You are, I assume, aware that the days of the Alexandria library copying all works that entered the city were well over a thousand years before the printing press was even developed, let alone copyright created.
You were the one who claimed that most would-be pirates were discouraged from doing it prior to the invention of the printing press. Guess what? The high cost of making copies (and the relative lack of literate people to share them with, assuming that the author himself was even literate) discouraged authors from writing things down too.
Also, creators who did not want their works copied could prevent Alexandria from copying them by simply not going into the city
Wrong. You're conflating authors with their works. The only sure way an author could prevent Alexandrians from copying their works was to not create works in the first place.
If they created works, even if they were not written down, nothing stopped someone else from writing it down. (For example, Socrates never wrote anything; what we know of him comes primarily from the writings of his student, Plato; Another example is from the days of Elizabethan theater, when printers would have people dictate the scripts to plays, sometimes actors who had memorized the lines, sometimes just people with good memories who had been in the audience)
If works were created, written down, and shared with anyone, there was absolutely nothing that could keep the scrolls from getting copied or moved. Consider Virgil, who wrote fanfic (The Aneid) based on the epic poems of Homer (The Illiad and The Odyssey), but wanted all the copies burned; this was ignored, and the world is better off for it.
Fundamentally, it's the same issue with secrets, or any other information. The only way to control the spread of it is to either convince other people to respect your wishes (which they may or may not do according to their own self interest, and other factors), or to never tell anyone.
I don't think we can credit copyright with the increase in the number of works in existence in recent history, as compared with ages past. The real credit is probably owed to increases in literacy, improved artificial lighting, the development of printing (as well as improved paper and ink to support it), greater leisure time available due to a variety of technological and social advances, increases in the internal stability of much of the world (hard to sell books when bandits rob every wagon, or war ravages the country), etc. Copyright can be nice, but it gets way more credit than it deserves.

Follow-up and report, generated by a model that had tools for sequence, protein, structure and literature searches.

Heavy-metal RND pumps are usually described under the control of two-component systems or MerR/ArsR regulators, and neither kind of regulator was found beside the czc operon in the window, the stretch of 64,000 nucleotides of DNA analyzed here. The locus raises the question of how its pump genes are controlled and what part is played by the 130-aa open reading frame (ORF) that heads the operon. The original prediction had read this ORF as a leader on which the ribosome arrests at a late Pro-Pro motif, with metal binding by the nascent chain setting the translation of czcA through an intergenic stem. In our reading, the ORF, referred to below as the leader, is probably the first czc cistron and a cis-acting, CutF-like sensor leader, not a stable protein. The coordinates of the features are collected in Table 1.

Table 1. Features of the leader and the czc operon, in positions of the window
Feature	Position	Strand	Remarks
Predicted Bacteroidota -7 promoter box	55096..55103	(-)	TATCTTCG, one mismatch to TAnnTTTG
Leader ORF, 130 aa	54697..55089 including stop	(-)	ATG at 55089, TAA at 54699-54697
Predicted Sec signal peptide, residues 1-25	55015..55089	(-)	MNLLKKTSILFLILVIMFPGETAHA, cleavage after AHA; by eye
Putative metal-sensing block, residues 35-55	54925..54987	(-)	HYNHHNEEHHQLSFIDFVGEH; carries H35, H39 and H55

Copyright (by which I mean largely the form that it exists today and not as a collusion contract created by publishers) had an intended purpose that was to maximize the enrichment to society that can be obtained by the society having access to diverse kinds of creative works, and offering the creators of those works some means of controlling their works for at least a limited time at least gave many of them an incentive to not resort to self-censorship as their main form of such control.
Authors really just don't engage in self-censorship as a means of control. Copyright, from an author's point of view, is a way to recoup their investment. If they can't do that, they have to have other jobs that take time away from creating. Potentially, those jobs take away all their time from creating, so they don't create. It's rare as hell to find someone who is interested in creating works, has the financial means to do so without having to worry about the cost (and opportunity cost), yet refuses because they're a control freak. I'm confident that the sorts of authors you've identified are so rare as to not be worth concerning ourselves with.
As for the purpose of modern, authorial copyright (as opposed to the old stationers' copyright), you're almost entirely right: I'd only say that mere access is not enough. Rather, copyright is intended to provide an overall benefit to society by increasing the number of works which are created and published, while imposing the fewest and shortest restrictions on the public. It operates by providing some temporary benefits (whose actual value is determined by the market) to authors, but this is merely a means to an end, not an end in itself. If copyright were actually meant to benefit authors, it's clear that it has never done a good job of it at all. The stereotype of the starving author exists for a reason.
As a side point on the matter of controlling works for a limited duration, I am compelled to add that I do strongly believe that copyright durations are far too long today, and should be shortened drastically, by no less than a factor of 2, maybe even more, and with very minimal, if any opportunities for extension.
Personally, I would drop terms to a year, with numerous opportunities for renewal, but with overall maximum lengths that were still quite short (probably no more than 20 years or so, and less in the case of some types of works, such as computer software). The reason is that when we had renewal terms, many rights holders failed to renew, evidencing a lack of desire for longer copyright on their part, and getting works into the public domain faster through their inaction. Since everyone winds up as happy as they wanted to be in that scenario, I see no reason not to return to it.
Regarding maximum lengths, you may be interested to read the following paper on the subject: http://rufuspollock.org/papers...